Any chance you could post a zip file with all the code in as I just cant get this to work.

    TIA, Dave

      • daves6599 says:

        OK, thanks, got it all set up and nothin happens :(

        In geocode.js there is a reference to a postcode.php file. Do I need this file? How does the loop get started?

        TIA, Dave

        • wheresrhys says:

          Hopefully the mistake you’ve found is the only mistake. I originally called the files postcode.php, postcode.html etc…, but must have missed one when renaming the files ready to publish. So every reference to a php file should be geocode.php.

          The loop starts with
          $(function() {
          counter = $(‘#counter’);
          send_and_get_next(0, 0, 0)

          which sends no data (0, 0, 0) to the php page, and the php page recognises the lack of data, updates no records, but fetches the next record for the js to process. $(function()… is an alias for $(document).ready(function()… I should really rewrite the whole thing without using jQuery in order to make it more self-contained, but too lazy at the moment.

          Let me know if it still doesn’t work.

          • daves6599 says:

            Thanks for the help – getting a bit further now. It connects to database and prints the 1st int_id (1) along with its relevant postcode. Then thats it. I have 3 postcodes in my table so would expect to see 3 values. Also, there is no values stored back in the database. Any more help would be much appreciated.
            Cheers, Dave

          • wheresrhys says:

            I would guess it’s some problem with the php page. As geocode.php uses GET to receive data you can load it directly in your browser to see if there’s an error eg. …/geocode.php?id=1&lat=12&lng=14 should display a page with “2, APOST CODE” at the top of the page, but my guess is it’ll show an error message.

          • daves6599 says:


            I tried geocode.php?id=1&lat=12&lng=14 and initially this didnt work so I added an int_ to the id (geocode.php?int_id=1&lat=12&lng=14) and this successfully wrote the numbers to the database and the id updated. What I did notice in geocode.js is there are references to a int_id and an id. Is this a typo?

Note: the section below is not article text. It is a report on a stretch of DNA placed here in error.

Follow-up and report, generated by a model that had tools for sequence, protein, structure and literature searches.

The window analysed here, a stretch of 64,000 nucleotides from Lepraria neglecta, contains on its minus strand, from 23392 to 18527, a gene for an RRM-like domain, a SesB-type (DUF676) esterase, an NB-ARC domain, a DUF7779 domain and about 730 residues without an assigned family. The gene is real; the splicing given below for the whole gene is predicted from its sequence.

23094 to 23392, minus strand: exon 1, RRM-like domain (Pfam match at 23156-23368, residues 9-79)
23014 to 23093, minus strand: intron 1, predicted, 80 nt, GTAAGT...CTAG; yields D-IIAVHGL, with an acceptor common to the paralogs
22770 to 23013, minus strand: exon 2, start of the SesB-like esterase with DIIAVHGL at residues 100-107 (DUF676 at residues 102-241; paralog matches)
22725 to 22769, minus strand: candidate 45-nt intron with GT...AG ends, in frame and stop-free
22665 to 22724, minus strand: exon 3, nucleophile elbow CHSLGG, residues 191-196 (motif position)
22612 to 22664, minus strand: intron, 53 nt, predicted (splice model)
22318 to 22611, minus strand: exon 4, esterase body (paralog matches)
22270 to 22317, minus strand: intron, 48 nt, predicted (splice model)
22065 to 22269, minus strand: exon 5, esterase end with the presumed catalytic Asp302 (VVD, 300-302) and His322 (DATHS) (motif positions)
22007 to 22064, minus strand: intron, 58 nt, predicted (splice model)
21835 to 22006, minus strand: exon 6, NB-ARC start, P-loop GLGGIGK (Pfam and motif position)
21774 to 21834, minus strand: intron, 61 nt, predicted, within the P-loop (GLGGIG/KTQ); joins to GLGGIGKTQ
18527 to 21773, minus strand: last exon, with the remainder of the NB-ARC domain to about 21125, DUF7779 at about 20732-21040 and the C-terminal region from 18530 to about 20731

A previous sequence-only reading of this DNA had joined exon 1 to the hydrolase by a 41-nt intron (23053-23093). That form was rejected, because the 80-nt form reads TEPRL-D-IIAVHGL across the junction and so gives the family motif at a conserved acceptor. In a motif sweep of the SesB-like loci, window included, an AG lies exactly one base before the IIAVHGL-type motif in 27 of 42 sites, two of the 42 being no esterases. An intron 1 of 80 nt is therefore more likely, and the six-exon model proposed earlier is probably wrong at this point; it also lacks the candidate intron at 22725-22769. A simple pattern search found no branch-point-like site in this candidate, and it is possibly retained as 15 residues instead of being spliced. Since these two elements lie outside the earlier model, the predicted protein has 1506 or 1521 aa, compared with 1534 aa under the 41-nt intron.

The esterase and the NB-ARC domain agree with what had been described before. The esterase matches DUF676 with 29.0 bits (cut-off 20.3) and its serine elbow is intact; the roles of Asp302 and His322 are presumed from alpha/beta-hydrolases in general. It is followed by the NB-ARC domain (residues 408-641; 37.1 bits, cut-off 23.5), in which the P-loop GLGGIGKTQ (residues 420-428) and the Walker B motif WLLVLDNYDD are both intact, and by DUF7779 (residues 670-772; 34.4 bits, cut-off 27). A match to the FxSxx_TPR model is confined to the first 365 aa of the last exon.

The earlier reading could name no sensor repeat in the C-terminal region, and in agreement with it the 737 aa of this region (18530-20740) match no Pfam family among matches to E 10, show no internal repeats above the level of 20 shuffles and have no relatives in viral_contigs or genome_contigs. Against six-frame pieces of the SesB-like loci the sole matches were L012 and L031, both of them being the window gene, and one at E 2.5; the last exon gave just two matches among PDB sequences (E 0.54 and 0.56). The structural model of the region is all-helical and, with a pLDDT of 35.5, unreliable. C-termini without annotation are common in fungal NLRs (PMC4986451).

• wheresrhys says:

            Yes youre probably right. I clearly need to proof read things more thoroughly before publishing.

            Fingers crossed thats the problem solved for you. Thanks for all the feedback. Ill update the article and files shortly

          • daves6599 says:


            Well not entirely because if I run …/geocode.html it still only displays the first id and postcode, writes nothing to the database then stops. I’ll check back regularly if you’re gonna update the files or can you suggest what the problem is? Thanks for helping


          • wheresrhys says:

            Sometime in the next few days I’ll set up a subdomain where I can test all this and when it works perfectly I’ll upload all the files exactly as they are. I’ll send you an email to let you know when it’s done.

          • wheresrhys says:

            OK – now it’s totally fixed. Exactly these files work OK on my machine, so fingers crossed the batch uk postcode geocoder is now bug free.

          • daves6599 says:

            Hi, Me again

            I must be doing something wrong cos I still cant get it to work. It displays the first ID with the postcode and thats it, same as before – stores nothing in the database. I tried the previous link /geocode.php?id=1&lat=12&lng=14 and that works ok. I was wondering if it has anything to do with the php version or browser Im using. Even tried on a localhost and that did the same. I cant understand what the difference betweens setups could be. I’m lost!!! You can see what it does here

            Thanks, Dave

          • wheresrhys says:

            Well, that’s me more or less out of ideas. The only thing I can think of now is to check your database column names – it didn’t work for me for ages, very similar behaviour to what you’re getting, because I had changed a column name.

          • ksc1919 says:

            What should the column heading be? I have id, postcode, lat, lng

          • wheresrhys says:

            They can be anything you like as long as the column names in your actual database match the column names in the SQL queries

          • Fred says:

            Dave, you appear to have got this working. Can you please send me the contents of your geo directory i.e. the varios html, php, script files.



          • Fred says:

            Problem solved … would only show first row … until I allowed ALL cookies in the browser!

          • wheresrhys says:

            Really odd that as the code doesn’t use cookies. Maybe if you’re loading the html page as C:/…/geocode.html instead of http://localhost/…./geocode.html then the ajax would be cross-domain, so allowing cross-domain cookies would allow cross-domain ajax too?